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Topic: Fiberoptics  (Read 14462 times)

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Corvettaholic

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Fiberoptics
« on: April 23, 2004, 07:11:16 PM »
Anyone know stuff about fiberoptics? I know fiberoptic cables have a bunch of glass threads in them, and they transmit light over distance very well. Now remember how some kids used to fry ants with magnifying glasses? What do magnifying glasses focus? The light or the UV radiation? What actually does the frying? I wouldn't think photons alone could do much damage. And how do you put light into a fiberoptic cable so it comes out the other end? Could I shove some magnifying-glass-assisted light into a fiberoptic cable and point it wherever I want?

Also, how exactly does a photon travel down glass? Anything I know about atomic structure never makes any mention about photons.

Offline Mitch

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Re:Fiberoptics
« Reply #1 on: April 23, 2004, 07:32:33 PM »
The cause of the light transmission doesn't come from atomic structure, it is from very old classical optics. The phonomena is called total internal reflection if I'm not mistaken.
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Re:Fiberoptics
« Reply #2 on: April 23, 2004, 07:38:38 PM »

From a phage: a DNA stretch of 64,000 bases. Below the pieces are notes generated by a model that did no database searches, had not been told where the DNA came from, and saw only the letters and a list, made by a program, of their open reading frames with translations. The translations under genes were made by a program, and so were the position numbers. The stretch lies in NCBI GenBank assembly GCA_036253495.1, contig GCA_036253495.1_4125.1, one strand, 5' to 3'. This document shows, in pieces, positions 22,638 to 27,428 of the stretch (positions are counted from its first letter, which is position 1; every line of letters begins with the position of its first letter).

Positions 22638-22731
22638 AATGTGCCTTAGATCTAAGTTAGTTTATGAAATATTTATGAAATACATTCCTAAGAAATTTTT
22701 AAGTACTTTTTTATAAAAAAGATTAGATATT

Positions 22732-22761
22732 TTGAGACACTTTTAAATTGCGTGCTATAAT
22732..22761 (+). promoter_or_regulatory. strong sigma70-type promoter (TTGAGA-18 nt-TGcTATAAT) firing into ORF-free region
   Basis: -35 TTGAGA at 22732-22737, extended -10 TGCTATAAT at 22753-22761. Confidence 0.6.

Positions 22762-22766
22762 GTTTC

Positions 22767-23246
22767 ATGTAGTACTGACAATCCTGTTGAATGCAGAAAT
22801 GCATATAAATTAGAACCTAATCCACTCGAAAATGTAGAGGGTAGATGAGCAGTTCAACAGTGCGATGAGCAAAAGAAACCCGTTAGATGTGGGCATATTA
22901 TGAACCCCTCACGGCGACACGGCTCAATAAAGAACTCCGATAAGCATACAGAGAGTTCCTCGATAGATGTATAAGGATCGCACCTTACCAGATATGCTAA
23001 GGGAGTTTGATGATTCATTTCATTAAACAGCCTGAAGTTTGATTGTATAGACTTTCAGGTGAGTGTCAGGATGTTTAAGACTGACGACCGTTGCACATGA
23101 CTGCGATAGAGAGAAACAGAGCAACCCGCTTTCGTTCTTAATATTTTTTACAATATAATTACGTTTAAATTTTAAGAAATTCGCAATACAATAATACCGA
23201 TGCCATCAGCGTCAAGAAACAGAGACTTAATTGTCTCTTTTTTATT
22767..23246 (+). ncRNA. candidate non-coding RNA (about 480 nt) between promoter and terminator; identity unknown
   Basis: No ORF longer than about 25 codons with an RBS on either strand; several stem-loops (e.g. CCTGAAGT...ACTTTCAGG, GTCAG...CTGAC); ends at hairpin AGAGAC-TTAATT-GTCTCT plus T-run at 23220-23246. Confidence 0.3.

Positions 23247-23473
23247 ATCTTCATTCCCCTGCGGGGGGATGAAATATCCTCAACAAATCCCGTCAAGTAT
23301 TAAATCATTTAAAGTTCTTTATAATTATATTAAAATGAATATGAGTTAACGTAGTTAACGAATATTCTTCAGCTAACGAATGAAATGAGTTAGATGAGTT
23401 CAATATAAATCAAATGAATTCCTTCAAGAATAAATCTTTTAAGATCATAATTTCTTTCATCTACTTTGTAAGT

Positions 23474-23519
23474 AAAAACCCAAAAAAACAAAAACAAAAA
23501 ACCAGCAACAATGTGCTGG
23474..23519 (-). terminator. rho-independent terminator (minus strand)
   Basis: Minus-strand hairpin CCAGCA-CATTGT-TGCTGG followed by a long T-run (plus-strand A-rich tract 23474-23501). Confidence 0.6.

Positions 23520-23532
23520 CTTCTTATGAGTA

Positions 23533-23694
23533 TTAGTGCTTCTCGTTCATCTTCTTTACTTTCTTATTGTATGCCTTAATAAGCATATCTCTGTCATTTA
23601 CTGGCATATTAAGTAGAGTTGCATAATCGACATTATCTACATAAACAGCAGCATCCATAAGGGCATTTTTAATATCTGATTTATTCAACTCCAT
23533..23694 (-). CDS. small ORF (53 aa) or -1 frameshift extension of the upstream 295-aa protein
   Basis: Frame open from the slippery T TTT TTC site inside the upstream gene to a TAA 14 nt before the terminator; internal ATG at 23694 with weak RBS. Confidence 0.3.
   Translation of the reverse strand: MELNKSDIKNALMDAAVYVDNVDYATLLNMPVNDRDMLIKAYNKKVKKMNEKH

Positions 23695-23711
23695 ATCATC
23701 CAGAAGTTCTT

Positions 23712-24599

Its like when you look into still water at different angles, as your angle gets closer to zero more and more light is reflected by the surface of the water from the spot your looking at.
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Corvettaholic

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Re:Fiberoptics
« Reply #3 on: April 23, 2004, 07:41:14 PM »
OK, so the photon just keeps bouncing around in the fiber until it reaches the end. Seems easy enough. Now how do you stick photons in the fiber in the first place? Lets say I wrapped a fiber optic cable from my garage to my living room, shined a flash light into one end, would light come out the other?

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Re:Fiberoptics
« Reply #4 on: April 23, 2004, 07:47:35 PM »
Some would, I think they use lasers with fiber optics.
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Corvettaholic

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Re:Fiberoptics
« Reply #5 on: April 23, 2004, 07:51:17 PM »
So, lets say I have a fiberoptic cable sitting outside, and goes into my garage pointed at a piece of paper. On the outside end, its pointing skyward, and there's me with a magnifying glass trying to focus some high quality arizona sun into the poor thing. Will the output end be able to burn the paper if I can get enough focused light into it?

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Re:Fiberoptics
« Reply #6 on: April 23, 2004, 07:55:45 PM »
Its hard to say what the focus of it would be when it comes out. It doesn’t come out exactly the same unless you have parallel light rays.
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Re:Fiberoptics